Petitioners' claims against Collins and Kemplin proceeded to a bench trial in the Circuit Court of Jackson County on August 30, 2016. The evidence at trial revealed the following: Petitioners commissioned two surveys in anticipation of this litigation. The first survey was completed by Fox Engineering in November of 2012. Petitioners disagreed with the results of this survey and commissioned a second survey by Kevin Shafer. Mr. Shafer completed his survey in April of 2014. Petitioners disagreed with the results of Mr. Shafer's survey as well. Mr. Shafer testified, however, that he revised his survey map in December of 2014 to include a green line to reflect the area that petitioners claimed to own by adverse possession. Mr. Shafer determined the location of the green line after he and Petitioner James Cobb, age 73 at the time of the trial, walked the property and Petitioner James Cobb identified the areas that he believed petitioners owned. Mr. Shafer then marked the location of the line with his GPS. Mr. Shafer's original map and his revised map, introduced as "Plaintiff's Exhibit 8, " showed four to five areas marked by shading and hatch lines that depicted the areas in contention between the parties where Mr. Shafer's research was inconclusive as to ownership. According to the placement of the green line, petitioners contended that these areas were part of their property, regardless of what their deeds indicated. Importantly, there are no instruments of title that supported petitioners' contention that the green line was the actual property boundary.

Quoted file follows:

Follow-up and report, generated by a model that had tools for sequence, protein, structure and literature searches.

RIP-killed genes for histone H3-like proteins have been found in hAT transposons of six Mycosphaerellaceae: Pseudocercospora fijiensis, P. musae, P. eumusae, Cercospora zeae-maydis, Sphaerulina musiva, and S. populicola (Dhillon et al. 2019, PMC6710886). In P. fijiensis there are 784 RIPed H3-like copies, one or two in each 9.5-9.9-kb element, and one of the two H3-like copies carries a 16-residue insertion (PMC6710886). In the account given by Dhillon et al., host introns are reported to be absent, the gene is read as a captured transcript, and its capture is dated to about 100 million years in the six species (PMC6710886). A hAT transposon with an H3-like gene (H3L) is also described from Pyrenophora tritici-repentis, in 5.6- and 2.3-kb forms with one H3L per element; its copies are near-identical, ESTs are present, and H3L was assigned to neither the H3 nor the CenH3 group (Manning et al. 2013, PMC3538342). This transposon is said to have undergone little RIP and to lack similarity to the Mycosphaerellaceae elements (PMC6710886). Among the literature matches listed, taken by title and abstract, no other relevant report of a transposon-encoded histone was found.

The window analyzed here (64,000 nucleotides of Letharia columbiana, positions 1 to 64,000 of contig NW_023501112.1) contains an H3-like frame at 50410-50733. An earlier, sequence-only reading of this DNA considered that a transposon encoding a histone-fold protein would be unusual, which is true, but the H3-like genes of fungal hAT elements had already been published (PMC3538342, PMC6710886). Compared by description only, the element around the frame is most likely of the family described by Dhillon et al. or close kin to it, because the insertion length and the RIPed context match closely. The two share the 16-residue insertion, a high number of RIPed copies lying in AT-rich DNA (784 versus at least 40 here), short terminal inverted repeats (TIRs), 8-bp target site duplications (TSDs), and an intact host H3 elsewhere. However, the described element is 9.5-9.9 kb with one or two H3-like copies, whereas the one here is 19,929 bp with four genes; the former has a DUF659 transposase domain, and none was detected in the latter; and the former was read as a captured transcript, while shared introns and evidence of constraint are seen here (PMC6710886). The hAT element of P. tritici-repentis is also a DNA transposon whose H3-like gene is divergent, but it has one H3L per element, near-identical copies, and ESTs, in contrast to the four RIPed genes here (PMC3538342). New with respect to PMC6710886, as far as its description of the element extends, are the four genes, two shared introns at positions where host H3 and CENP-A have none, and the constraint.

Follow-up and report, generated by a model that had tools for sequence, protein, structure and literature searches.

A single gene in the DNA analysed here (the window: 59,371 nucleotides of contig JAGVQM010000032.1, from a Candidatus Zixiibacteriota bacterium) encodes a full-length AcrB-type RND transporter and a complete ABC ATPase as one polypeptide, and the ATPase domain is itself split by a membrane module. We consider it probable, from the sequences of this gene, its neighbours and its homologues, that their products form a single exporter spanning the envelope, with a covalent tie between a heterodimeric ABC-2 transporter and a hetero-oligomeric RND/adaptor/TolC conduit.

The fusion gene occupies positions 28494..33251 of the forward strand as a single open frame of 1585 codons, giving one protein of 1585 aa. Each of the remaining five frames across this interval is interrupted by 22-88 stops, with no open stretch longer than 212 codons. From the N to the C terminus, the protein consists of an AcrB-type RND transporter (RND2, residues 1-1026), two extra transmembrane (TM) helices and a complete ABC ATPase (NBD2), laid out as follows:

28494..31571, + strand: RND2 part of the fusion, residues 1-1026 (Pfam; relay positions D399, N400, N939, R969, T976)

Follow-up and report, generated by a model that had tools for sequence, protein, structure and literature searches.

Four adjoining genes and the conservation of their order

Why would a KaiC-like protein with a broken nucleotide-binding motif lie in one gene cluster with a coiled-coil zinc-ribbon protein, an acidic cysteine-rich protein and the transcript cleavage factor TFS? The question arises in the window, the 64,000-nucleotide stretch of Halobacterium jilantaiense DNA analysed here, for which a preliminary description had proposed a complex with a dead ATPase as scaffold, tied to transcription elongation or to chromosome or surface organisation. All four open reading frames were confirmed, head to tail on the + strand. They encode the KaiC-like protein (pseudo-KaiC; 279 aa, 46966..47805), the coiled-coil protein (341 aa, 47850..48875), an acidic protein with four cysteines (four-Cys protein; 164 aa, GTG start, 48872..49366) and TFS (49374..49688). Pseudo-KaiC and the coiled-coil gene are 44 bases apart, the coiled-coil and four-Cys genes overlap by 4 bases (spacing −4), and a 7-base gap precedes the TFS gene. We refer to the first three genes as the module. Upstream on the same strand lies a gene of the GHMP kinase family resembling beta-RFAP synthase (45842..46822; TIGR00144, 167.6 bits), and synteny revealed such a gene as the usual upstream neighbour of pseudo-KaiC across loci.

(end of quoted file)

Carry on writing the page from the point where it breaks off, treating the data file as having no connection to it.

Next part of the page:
Prior to petitioners initiating this action, Collins commissioned a survey by Randall Cline of BGH Surveying. Mr. Cline's survey was, in large part, consistent with the Fox Engineering Survey, but disagreed with Mr. Shafer's survey in some areas. Both Mr. Cline and Mr. Shafer testified at the bench trial and the circuit court admitted their respective surveys as evidence. Additionally, the court heard testimony from Petitioner James Cobb, Petitioner Charles Cobb, petitioners' brother Delmar Cobb, petitioners' sister Elsie Cobb, Respondent Richard Kemplin, and Respondent Jack Collins.

         With respect to the boundary line dispute with Kemplin, the circuit court found that the line was clearly established by the Fox Engineering survey, the Shafer survey, petitioners' deed, and the Kemplin deed. The circuit court found that there were no legal instruments that disputed the survey findings. Thus, the court found that petitioners had no color of title to the area of the Kemplin property that they claimed as theirs. With respect to a small area of overlap between the properties shown on the Shafer survey, of which ownership was unclear, the court found that petitioners failed to prove that they own it.[1]

         With respect to the boundary line dispute with Collins, Mr. Shafer could not definitively determine ownership of two of the four areas that he had marked with shading and hatch lines, marked as "X" and "Y" on his survey. Mr. Cline, however, testified that he determined that Collins owned all four areas in contention, including the areas marked as "X, " "Y, " "Z, " and "C" on the Shafer survey. Based on the demonstrative exhibits and Mr. Cline's testimony as to his rationale for his conclusions, the circuit court found Mr. Cline's conclusions persuasive. The court, therefore, determined that these four areas were part of the Collins property.